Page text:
[Chart courtesy of MarketWatch.com]
1. Moving the Markets
Markets rallied today as investors reacted to a rebound in oil prices of over 5%, but hesitancy remains amidst upcoming earnings season and the race for the White House.
The outlook for Q1 earnings remains bleak at present. Analysts expect a nearly 8% contraction in earnings, which would mark a third straight quarter of negative growth. That (by textbook definition) is called a ‘profits recession’. So, investors will want to hear some positive talk from CEOs about the future to get excited again about stocks.
Let’s remember, stocks aren’t cheap these days after the recent rally, Data that came in today said that stocks on average are trading at 17x earnings estimates and that refers to non-GAAP estimates, which are much less accurate and favor the companies. GAAP refers to Generally Accepted Accounting Principles and if those were actually applied, stocks on average would be trading in excess of 20x earnings.
Adding to the market confusion is that fact that the Fed said they may only hike interest rates twice this year, instead of four times. So, uncertainty remains in this sphere. Again, we are talking about a lousy ¼ of a percent hike here (or 1% per year), which apparently the economy is not able to handle without market turmoil. That alone tells you all about the state of the alleged recovery you need to know.
Lastly, political risk is still impacting markets. The race for the White House is still very much up for grabs and many of the candidates are “outside the financial mainstream”, which worries many investors. Thus, the markets are a bit stagnant until some of these worries gain more clarity.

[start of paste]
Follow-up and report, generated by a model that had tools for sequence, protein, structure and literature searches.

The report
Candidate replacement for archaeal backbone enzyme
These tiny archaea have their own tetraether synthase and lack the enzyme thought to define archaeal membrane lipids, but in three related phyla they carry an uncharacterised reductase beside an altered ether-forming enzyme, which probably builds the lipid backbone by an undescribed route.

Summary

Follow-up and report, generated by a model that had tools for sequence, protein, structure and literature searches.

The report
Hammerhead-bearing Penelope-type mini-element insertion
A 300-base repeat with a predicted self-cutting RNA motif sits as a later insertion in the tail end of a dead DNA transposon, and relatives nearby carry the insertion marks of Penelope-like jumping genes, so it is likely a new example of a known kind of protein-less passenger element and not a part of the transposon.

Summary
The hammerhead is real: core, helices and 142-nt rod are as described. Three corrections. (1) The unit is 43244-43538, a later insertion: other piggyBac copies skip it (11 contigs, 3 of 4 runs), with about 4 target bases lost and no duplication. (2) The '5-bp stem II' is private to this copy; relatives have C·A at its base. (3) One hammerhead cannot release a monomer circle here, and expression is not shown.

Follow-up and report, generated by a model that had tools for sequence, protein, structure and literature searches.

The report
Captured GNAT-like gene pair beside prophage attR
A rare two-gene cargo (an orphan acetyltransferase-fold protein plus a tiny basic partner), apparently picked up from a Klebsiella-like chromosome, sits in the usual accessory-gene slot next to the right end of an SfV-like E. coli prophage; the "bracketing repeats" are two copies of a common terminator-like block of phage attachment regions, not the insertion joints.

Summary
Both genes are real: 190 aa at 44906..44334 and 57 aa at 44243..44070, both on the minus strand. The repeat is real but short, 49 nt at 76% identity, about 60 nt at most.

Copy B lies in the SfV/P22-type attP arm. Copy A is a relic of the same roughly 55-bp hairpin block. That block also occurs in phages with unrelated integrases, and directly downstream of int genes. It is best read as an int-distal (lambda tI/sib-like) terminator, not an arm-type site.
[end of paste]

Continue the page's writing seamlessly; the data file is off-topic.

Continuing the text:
2. ETFs in the Spotlight
In case you missed the announcement and description of this section, you can read it here again.
It features 10 broadly diversified ETFs from my HighVolume list as posted every Monday. Furthermore, they are screened for the lowest MaxDD% number meaning they have been showing better resistance to temporary sell offs than all others over the past year.
Here are the 10 candidates:
The above table simply demonstrates the magnitude with which some of the ETFs are fluctuating in regards to their positions above or below their respective individual trend lines (%M/A). A break below, represented by a negative number, shows weakness, while a break above, represented by a positive percentage, shows strength.
For hundreds of ETF/Mutual fund choices, be sure to reference Thursday’s StatSheet.
Year to date, here’s how the above candidates have fared so far:
Again, the first table above shows the position of the various ETFs in relation to their respective long term trend lines (%M/A), while the second one tracks their trailing sell stops in the “Off High” column. The “Action” column will signal a “Sell” once the -7.5% point has been taken out in the “Off High” column.
3. Trend Tracking Indexes (TTIs)
Our Domestic Trend Tracking Index (TTI) did an about face and rallied as oil spiked sharply and pulled the major indexes back up.
Here’s how we closed:
Domestic TTI: +1.49% (last close +1.02%)—Buy signal effective 4/4/2016
International TTI: -2.83% (last close -3.69%)—Sell signal effective 8/21/2015
Disclosure: I am obliged to inform you that I, as well as advisory clients of mine, own some of these listed ETFs. Furthermore, they do not represent a specific investment recommendation for you, they merely show which ETFs from the universe I track are falling within the guidelines specified.